"I'm happy to do interviews by catching up with administration/board members on the spot at public meetings," FOX6 Investigator Amanda St. Hilaire emailed. "But I much prefer to schedule something at a mutually-agreed upon time so the interview can be more productive."

No one responded.

When St. Hilaire approached Jessup-Anger at a recent board meeting, he would not answer questions.

Jessup-Anger: I’ve got a meeting that starts literally in five minutes.

St. Hilaire: Can we catch you right after?

Jessup Anger: I can’t guarantee that. 

When the meeting was over three hours later, Jessup-Anger still declined to answer questions.

Jessup-Anger: So I haven’t seen the data that you’re referring to and without having it in front of me I can’t comment on that.

St. Hilaire: So you’re on the board and the superintendent hasn’t shared that data? 

Jessup-Anger: You’re asking me at 10:00 and you’re referring to data that I haven’t seen and I’m not going to comment on data that I don’t have in front of me and haven’t had a chance specifically to be able to answer questions on.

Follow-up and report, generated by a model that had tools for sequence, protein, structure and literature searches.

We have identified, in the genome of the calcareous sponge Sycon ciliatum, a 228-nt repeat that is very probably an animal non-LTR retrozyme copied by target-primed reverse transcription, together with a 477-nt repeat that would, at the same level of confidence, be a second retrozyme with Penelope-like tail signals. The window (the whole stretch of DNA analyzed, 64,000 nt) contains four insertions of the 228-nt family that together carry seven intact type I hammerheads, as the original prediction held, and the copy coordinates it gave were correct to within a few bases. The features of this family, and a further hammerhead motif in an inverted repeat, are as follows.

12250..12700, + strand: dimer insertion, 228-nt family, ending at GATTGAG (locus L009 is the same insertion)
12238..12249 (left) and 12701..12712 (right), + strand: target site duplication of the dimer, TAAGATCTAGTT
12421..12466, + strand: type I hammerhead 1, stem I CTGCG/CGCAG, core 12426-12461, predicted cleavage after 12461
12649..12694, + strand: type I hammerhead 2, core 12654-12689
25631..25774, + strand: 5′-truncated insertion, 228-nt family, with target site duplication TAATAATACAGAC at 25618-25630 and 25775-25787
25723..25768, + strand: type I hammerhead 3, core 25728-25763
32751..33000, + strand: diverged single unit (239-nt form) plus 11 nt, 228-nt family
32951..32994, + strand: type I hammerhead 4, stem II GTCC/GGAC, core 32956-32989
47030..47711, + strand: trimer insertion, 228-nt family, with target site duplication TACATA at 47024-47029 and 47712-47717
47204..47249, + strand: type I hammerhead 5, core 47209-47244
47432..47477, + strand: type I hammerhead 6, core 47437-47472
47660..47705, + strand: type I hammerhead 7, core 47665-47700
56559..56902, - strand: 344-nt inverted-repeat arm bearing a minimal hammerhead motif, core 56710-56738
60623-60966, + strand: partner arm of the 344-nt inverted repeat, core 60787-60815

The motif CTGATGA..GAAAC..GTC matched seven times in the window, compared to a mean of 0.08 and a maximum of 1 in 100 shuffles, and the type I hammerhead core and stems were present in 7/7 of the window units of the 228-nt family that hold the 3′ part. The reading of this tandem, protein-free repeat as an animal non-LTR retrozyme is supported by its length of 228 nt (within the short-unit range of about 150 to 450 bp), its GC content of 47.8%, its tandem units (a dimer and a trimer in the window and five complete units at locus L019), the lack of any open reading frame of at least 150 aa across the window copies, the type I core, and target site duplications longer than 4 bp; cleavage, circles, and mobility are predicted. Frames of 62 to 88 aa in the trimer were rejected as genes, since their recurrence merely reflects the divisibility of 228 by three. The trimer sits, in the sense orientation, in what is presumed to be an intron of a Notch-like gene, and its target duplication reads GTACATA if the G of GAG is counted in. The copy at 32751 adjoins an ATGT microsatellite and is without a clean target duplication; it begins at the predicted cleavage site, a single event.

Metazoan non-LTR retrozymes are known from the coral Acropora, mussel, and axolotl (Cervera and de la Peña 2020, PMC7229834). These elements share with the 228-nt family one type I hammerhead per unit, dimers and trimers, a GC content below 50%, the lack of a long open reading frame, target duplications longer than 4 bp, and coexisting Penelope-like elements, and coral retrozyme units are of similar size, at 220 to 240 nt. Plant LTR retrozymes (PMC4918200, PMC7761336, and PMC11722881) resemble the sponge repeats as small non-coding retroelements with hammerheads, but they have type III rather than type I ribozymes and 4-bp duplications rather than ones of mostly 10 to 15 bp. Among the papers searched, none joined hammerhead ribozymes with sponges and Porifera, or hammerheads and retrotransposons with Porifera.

St. Hilaire: We’re trying to give the data some context and that’s why we’ve been requesting an on-camera interview with someone from the district for about a month. And I’m not really sure what the resistance is --

Jessup-Anger: No resistance. I don’t have any resistance. But it’s difficult certainly to be walking into a meeting tonight not having awareness that you were going to be here to talk.

St. Hilaire: Well, I said I was going to be here. When I emailed you I said, ‘I’m happy to catch up at the next board meeting but I’d rather set up an interview time.’ And no one would set up an interview time, you or the superintendent.